notbobtrustme

Crux Terminatus
Removed
Account on Hold
Jun 28, 2011
3,481
1,644
Status
Medical Student
Even with the most ridiculous tuition, you're looking at a 25-30 return on investment with the lowest paying specialty.

The compensation for a great computer programmer and an average pediatrican will about the same.

If you are talking about a career change, then the calculus changes drastically and becomes to complicated to go into in a single post.
 
May 23, 2012
359
118
In the mountains
Status
Medical Student
Computer engineers aren't compensated through labor, like doctors or petroleum engineers. They are compensated via employee ownership of the company itself. It's a totally different model.

The salary of a computer engineer is irrelevant.
The salary, among other things, of a computer engineer is entirely relevant in this discussion. "via employee ownership of the company itself" What? Fyi I am a computer engineer.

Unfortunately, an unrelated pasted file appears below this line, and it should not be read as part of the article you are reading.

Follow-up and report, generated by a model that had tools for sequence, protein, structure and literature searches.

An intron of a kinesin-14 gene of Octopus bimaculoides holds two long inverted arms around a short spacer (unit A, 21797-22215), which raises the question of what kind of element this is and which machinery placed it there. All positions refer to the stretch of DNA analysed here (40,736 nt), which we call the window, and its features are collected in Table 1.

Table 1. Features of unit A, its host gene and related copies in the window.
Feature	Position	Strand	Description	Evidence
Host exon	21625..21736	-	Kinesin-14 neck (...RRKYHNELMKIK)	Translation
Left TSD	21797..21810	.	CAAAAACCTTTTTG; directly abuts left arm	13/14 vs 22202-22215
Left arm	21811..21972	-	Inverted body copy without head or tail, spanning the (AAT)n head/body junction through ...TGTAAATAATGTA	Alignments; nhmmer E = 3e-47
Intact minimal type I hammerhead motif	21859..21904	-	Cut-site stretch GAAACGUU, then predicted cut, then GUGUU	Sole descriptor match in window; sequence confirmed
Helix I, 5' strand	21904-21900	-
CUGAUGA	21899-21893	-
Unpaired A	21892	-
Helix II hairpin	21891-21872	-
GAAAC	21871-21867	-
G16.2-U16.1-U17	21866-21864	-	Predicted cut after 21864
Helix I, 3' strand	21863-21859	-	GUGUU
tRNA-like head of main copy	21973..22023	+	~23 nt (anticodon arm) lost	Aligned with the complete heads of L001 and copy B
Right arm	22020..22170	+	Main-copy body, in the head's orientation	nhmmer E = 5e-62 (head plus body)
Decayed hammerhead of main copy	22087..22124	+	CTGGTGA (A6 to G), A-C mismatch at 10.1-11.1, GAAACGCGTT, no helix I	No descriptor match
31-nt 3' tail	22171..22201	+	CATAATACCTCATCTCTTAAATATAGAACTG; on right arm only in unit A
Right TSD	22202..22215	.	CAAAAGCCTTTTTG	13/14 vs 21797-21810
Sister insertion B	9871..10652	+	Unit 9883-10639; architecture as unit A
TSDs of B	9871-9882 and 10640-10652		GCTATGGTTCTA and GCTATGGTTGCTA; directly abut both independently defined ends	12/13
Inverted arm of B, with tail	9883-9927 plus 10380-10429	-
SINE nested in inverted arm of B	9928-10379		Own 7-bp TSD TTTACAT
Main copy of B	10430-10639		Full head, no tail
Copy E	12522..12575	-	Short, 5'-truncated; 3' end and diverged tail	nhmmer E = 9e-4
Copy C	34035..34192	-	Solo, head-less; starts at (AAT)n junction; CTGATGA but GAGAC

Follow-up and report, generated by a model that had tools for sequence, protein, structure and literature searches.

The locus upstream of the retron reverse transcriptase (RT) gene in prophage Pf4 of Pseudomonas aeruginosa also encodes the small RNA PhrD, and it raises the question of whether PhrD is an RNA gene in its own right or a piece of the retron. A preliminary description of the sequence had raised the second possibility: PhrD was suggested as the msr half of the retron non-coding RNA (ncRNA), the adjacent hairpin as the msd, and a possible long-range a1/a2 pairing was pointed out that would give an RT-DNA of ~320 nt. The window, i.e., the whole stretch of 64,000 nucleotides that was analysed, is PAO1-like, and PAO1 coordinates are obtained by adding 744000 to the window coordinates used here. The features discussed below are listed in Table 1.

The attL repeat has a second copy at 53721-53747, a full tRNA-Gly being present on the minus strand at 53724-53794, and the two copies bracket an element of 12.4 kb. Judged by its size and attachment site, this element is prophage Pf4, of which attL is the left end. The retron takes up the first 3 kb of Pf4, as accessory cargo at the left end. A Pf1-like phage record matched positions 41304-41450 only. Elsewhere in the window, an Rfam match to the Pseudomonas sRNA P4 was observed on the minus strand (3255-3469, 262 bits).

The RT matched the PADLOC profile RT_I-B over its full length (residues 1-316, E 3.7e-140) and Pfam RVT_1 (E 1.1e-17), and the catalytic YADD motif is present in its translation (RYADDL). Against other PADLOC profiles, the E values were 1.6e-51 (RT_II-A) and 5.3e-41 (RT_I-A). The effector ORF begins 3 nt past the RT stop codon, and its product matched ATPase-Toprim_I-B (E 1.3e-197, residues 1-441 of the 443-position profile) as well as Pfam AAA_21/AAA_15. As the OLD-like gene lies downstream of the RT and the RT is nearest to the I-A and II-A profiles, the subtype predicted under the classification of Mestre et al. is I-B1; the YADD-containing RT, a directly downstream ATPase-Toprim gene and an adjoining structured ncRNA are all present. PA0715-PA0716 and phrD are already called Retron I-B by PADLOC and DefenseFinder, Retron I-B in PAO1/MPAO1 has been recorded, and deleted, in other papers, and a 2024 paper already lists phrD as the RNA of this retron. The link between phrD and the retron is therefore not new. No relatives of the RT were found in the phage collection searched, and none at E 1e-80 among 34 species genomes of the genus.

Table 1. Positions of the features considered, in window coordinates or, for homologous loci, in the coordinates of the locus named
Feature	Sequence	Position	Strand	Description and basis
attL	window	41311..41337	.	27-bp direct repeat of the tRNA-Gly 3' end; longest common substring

And to the engineer who quoted average starting salaries of 80k...maybe from schools like Stanford, but that is hardly the norm for your typical engineer. Given the right company, the growth potential for an engineer's salary can be awesome. However this doesn't even begin to compare to a physicians ability to throw a dart at a map and go land >150k position, likely much higher than that. The job security can't be matched, period. Obviously I'm ignoring the crippling effect of >200k in student loans.
 

sazerac

rye sense of humor
5+ Year Member
Feb 26, 2012
2,000
2,137
Status
Medical Student
The salary, among other things, of a computer engineer is entirely relevant in this discussion. "via employee ownership of the company itself" What? Fyi I am a computer engineer.